Symptomatic cerebral vasospasm and delayed cerebral ischemia (DCI) is a major source of disability, unfavorable outcome and cause of death after aneurysmal SAH. Although the exact mechanism of SAH associated vasospasm and DCI are not well known, experimental studies suggest multifactorial pathogenesis involving inflammation, no depletion, endothelial injury, free radical and microvascular by autoregulation.[9-11] The pleiotropic effects of statin may be beneficial in attenuation of SAH associated vasospasm and DCI via inhibit the underlying mechanism of vasospasm and DCI. The results from 3 different animal models (mice, rabbits and dogs), have supported this hypothesis.[12-14]

Clinical evidence suggesting benefits in by reducing DCI and possibly vasospasm and early in-hospital mortality that has come from 6 randomized controlled trials (RCTs)[15-20] (two of which have only published as abstracts[19,20]), four observational cohort studies[21-24][Table 1] and two case-control studies.[25,26]

Table 1

Summary the published clinical studies for statin with subarachnoid hemorrhage

StudySize (S:P)Statin therapyInitiationDurationVasospasmDCIPoor outcomeMortality
Randomized controlled trials
Tseng et al.[15]80 (40:40)Pra 40 mg qd72 h14 days or discharged43% vs. 63% (P = 0.006)5% vs. 30% (P < 0.001)43% vs. 53% (P = 0.7)5% vs. 20% (P = 0.04)
Lynch et al.[16]39 (19:20)Sim 80 mg qd48 h14 days26% vs. 60% (P = 0.03)26% vs. 60% (P = 0.03)N/AN/A
Chou et al.[17]29 (19:20)Sim 80 mg qd96 h21 days or ICU discharged68% vs. 50% (P = 0.24)37% vs. 50% (P = 0.41)63% vs. 50% (P = 0.41)0% vs. 15% (P = 0.23)
Observational cohort study
Kramer et al.[21]150 (71:79)Sim 80 mg qd (93%)Previously used14 days42% vs. 41% (P = 0.91)28% vs. 23% (P = 0.46)28% in both groupN/A
McGirt et al.[22]340 (170:170)Sim 80 mg qdN/A14 days25.3% vs. 30.5% (P = 0.277)N/A21.7% vs. 18.2% (P = 0.416)18% vs. 15% (P = 0.468)
Kern et al.[23]135 (72:58)Pra 40 mg qdN/A14 days52% vs. 50% (P = 0.17)N/A34.7% vs. 31.0% (P = 0.95)20.8% vs. 13.7% (P = 0.4)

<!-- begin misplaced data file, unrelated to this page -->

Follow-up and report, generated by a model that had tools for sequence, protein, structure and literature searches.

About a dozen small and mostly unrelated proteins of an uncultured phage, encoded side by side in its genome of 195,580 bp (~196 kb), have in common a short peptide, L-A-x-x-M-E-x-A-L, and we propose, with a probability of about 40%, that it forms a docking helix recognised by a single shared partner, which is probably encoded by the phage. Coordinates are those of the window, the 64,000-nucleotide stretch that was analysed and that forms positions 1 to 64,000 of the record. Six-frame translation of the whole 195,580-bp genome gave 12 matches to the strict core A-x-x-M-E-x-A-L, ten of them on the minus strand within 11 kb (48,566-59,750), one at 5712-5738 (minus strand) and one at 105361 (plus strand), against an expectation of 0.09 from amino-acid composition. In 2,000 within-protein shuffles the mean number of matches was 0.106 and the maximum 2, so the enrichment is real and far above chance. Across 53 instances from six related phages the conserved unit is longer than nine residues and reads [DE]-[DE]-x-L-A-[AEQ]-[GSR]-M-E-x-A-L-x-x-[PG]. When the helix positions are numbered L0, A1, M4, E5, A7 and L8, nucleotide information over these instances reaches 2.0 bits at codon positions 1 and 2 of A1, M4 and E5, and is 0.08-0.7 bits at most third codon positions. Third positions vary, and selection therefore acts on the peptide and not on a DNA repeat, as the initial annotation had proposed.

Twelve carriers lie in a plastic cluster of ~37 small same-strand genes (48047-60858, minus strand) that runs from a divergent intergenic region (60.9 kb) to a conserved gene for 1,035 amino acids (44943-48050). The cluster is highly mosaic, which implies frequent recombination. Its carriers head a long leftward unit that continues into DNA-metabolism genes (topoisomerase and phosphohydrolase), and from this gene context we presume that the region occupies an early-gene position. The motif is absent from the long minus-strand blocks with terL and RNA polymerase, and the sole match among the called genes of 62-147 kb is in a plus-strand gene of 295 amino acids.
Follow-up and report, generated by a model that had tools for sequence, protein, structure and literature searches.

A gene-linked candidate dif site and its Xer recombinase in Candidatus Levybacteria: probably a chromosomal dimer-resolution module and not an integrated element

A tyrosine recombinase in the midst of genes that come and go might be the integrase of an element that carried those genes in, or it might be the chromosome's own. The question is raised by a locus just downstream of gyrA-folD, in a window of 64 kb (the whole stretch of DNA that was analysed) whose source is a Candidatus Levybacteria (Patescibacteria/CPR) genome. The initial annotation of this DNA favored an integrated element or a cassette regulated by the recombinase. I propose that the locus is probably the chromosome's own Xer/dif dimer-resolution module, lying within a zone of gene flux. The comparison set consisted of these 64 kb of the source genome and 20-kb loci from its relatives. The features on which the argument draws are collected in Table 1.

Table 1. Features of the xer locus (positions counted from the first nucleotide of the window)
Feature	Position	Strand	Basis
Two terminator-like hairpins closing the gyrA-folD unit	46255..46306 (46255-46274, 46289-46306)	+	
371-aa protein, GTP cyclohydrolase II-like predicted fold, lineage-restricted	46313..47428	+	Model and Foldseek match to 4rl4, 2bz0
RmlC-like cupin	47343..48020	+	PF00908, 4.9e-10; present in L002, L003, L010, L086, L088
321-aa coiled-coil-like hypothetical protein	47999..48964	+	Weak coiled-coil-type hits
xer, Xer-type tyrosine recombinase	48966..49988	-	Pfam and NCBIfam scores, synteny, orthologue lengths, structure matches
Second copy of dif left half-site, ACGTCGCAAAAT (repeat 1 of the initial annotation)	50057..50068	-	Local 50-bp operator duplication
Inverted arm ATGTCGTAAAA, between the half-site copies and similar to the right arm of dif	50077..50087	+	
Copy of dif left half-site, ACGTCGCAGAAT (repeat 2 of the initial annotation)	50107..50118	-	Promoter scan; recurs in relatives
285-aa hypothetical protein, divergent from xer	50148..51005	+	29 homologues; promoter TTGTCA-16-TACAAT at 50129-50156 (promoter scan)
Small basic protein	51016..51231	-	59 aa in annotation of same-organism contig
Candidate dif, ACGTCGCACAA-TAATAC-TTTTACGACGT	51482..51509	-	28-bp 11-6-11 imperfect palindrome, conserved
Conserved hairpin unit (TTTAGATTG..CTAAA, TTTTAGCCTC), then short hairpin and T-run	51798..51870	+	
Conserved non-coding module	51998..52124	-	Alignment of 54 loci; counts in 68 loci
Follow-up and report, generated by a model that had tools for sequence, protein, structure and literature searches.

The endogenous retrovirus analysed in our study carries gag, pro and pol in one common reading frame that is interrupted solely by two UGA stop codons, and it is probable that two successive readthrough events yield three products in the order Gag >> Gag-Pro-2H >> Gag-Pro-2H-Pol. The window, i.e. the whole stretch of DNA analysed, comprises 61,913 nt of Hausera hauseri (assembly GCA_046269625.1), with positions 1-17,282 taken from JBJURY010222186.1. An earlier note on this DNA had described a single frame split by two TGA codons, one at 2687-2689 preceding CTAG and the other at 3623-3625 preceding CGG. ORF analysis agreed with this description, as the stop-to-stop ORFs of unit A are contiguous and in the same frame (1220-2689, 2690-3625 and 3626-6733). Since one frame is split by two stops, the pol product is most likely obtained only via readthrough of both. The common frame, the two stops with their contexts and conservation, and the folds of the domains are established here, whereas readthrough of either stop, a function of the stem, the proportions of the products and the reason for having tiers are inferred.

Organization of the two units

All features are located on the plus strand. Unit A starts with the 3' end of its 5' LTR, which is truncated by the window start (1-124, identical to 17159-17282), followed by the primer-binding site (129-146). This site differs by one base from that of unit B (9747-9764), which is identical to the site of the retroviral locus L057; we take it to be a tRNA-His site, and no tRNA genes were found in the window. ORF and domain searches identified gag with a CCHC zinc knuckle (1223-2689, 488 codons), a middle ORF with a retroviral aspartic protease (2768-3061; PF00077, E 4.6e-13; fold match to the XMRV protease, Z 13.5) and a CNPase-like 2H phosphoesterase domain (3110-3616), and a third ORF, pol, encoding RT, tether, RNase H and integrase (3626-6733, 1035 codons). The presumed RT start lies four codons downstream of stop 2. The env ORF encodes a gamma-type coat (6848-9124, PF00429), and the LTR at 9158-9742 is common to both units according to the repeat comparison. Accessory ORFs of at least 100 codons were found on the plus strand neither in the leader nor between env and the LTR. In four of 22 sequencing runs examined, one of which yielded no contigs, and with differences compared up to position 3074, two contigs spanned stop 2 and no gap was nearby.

Kern et al.[23]100 (49:51)Sim 20, 40 mg qdN/A14 daysN/A20% vs. 16% (P = 0.74)N/A14% vs. 27% (P = 0.20)

All 6 RCTs were phase II, single-center trials and none of which enrolled more than 100 patients.[15-20] One RCT[17] focused on patents with Fisher grade 3 and the other RCTs[15,16,18-20] included all grades. The statins used in these trials were either pravastain 40 mg[15,19] or simvastatin 80 mg[16-18,20] administrated within 96 h (range from 24-96 h) following aneurysmal SAH. Three RCTs administered statin for 2 weeks,[15,16,18] two used statin for 3 weeks,[17,20] and the other prescribed statins when patients were admitted to the intensive care unit.[19] Because the definition of vasospasm varied between trials, the effects of statins on vasospasm were inconsistent. Vasospasm-related DCIs was based on both neurological deterioration and neuroimaging findings in all trials. Statin therapy reduced the incidence of DCI in three trials,[15,16,18] but showed a non-significant trend to reduce the DCI in two trials[17,20] and was neutral in one trial.[18] None of these trials showed significant benefits of early statin therapy on functional outcomes by modified Rankin Scale or Glasgow Outcome Score.[15,17-20] Mortality was reduced by statin therapy in three RCTs,[15,17,20] but not in others.[18,19]

A meta-analysis with high quality four RCTs[15-18] showed that use of statin after SAH significantly reduced both DCI [odd ratios (OR) 0.41, 95% confidence interval (CI) 0.20-0.82, P < 0.001] and mortality (OR 0.29, 95% CI 0.09-0.93, P = 0.04).[27] When data from non-published RCTs[19,20] was included in the analysis, statin therapy significantly reduced DCI (fixed model, OR 0.38, 95% CI 0.23-0.65, P < 0.001) and was associated with a trend toward reduced mortality (fixed model, OR 0.51, 95% CI 0.25-1.02, P = 0.06).[27]